How to drill elk ivories and repair the root if needed.
Updated: 5 days ago
Occasionally at Teton Trade Cloth we have some real elk ivories that we sell on the website. Recently we had a number of necklace sets of real elk ivories in sets of 12 for sale. One of our customers asked for tips on how to drill them. While I was creating the post for drilling, I thought I would also add in some tips for repairing and filling elk ivories. Sometimes when you get real ivories, depending on the age of the animal the teeth may be hollow to learn more about ivories you can read our FAQ on real elk ivories HERE. Also depending on how careful the hunter was in removing the ivories the roots are sometimes cracked and broken. These teeth are still very valuable and very usable if you just put in a little bit of work. Some people use dental repair resin like they use in dentures, some people just use epoxy resin. I personally have found that I like using epoxy putty from JB Weld. It is easily available at the hardware store. It is easy to work with and the working time is long enough to allow me to shape it as I like. A few tips when working with it, I use rubbing alcohol to smooth it, it evaporates and does not effect the hardness when dry. On a hollow root, it is important to try and pack the putty down inside the root as far as possible, this will help stabilize the root when you drill the hole. When it is hollow, it is easier to crack the root. Even if you do crack the root, you can always use the putty to repair it and then drill it.
For the most part, drilling ivories is pretty straight forward. There are some tips below that I have learned from drilling hundreds of ivories. A friend of mine offered some wise advice about drilling ivories she said, "Save the dust, it has just as much power as the ivory itself and should be saved and used in a good way". To learn more about the significance of ivories read this article from Scott Thompson HERE.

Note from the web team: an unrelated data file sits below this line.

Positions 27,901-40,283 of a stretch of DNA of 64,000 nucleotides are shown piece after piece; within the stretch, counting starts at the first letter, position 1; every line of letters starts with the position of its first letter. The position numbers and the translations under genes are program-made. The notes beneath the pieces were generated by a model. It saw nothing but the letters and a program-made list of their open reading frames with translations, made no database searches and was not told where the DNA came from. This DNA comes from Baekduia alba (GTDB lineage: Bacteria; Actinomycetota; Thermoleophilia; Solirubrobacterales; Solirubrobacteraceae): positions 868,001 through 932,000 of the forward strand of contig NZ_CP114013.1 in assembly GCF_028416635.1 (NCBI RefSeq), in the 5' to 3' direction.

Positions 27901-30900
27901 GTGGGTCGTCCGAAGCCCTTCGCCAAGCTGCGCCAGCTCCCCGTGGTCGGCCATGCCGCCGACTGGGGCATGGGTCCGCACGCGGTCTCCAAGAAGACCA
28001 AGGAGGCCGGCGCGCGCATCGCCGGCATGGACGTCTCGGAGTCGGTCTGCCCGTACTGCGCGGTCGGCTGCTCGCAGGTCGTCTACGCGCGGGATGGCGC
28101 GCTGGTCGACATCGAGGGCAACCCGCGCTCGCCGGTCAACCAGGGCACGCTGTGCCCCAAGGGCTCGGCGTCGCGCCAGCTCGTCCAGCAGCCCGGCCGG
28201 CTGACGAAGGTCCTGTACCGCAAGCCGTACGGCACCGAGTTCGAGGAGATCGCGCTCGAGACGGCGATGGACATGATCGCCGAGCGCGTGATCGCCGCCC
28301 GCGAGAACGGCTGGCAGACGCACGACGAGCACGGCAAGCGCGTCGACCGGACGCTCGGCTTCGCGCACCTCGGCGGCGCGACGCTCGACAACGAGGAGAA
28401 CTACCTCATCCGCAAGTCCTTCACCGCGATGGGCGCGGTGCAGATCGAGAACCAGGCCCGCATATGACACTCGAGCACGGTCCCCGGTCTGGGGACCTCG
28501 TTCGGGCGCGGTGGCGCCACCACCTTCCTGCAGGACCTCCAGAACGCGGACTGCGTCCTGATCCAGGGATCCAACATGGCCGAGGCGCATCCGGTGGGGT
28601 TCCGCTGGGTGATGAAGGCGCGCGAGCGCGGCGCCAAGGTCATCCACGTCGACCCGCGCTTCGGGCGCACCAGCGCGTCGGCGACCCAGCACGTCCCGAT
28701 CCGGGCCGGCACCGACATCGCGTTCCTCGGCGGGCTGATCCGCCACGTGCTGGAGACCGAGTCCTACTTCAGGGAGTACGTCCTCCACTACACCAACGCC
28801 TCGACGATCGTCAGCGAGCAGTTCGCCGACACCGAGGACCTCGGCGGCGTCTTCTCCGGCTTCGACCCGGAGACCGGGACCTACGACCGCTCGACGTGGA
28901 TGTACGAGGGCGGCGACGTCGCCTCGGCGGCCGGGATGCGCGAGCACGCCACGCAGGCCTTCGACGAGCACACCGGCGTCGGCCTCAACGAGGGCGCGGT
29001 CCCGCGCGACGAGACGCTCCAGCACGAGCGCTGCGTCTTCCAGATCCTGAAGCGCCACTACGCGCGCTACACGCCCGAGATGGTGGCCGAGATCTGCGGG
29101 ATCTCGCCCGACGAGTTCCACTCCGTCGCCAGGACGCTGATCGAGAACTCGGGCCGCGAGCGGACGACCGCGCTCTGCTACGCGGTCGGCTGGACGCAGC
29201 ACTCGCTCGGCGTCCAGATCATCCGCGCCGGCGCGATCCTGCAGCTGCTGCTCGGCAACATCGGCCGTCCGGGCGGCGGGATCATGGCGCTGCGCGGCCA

Sometime I will mix the 2 colors of epoxy putty together to achieve different tones (the top one is tan, the bottom one is a light grey).
Young bulls or "Spikes" are typically hollow (see right). These can be filled and build up a root so that the tooth is useable. The tooth on the left was a nice tooth, but the root was broken off in extraction.
Don't drill the tooth like this. It increases the chance you will crack the root.
A close up of root repair. The repair is more obvious in this photo than real life (lighting). The epoxy putty can be colored easily with paint, stain or coffee or tea to match the ivory better. Sometime I will mix the 2 colors of epoxy putty together to achieve different tones.
Just a simple template so your holes are in the same place on the root. This is important when making a necklace. Where you drill the hole is personal preference. If you are making an elk tooth dress, make sure you read the article by Scott Thompson on making an Elk Tooth dress HERE.
You can see, this tooth had already been drilled once. I filled it so that I could drill it in another spot (I thought it was too low).
You should drill your hole on high speed but with low pressure. A new bit is worth the investment. Ivories are expensive and a dull bit can increase the chance of cracking the root. A drill press is great, but a hand drill works just as well. Always have a block of wood under the ivory when you are drilling it.
This is a short video showing the process of packing the putty into the root. Near the end you can see the light thru the root and where it is still hollow and where it has been filled. The objective is to fill as much of the root as possible.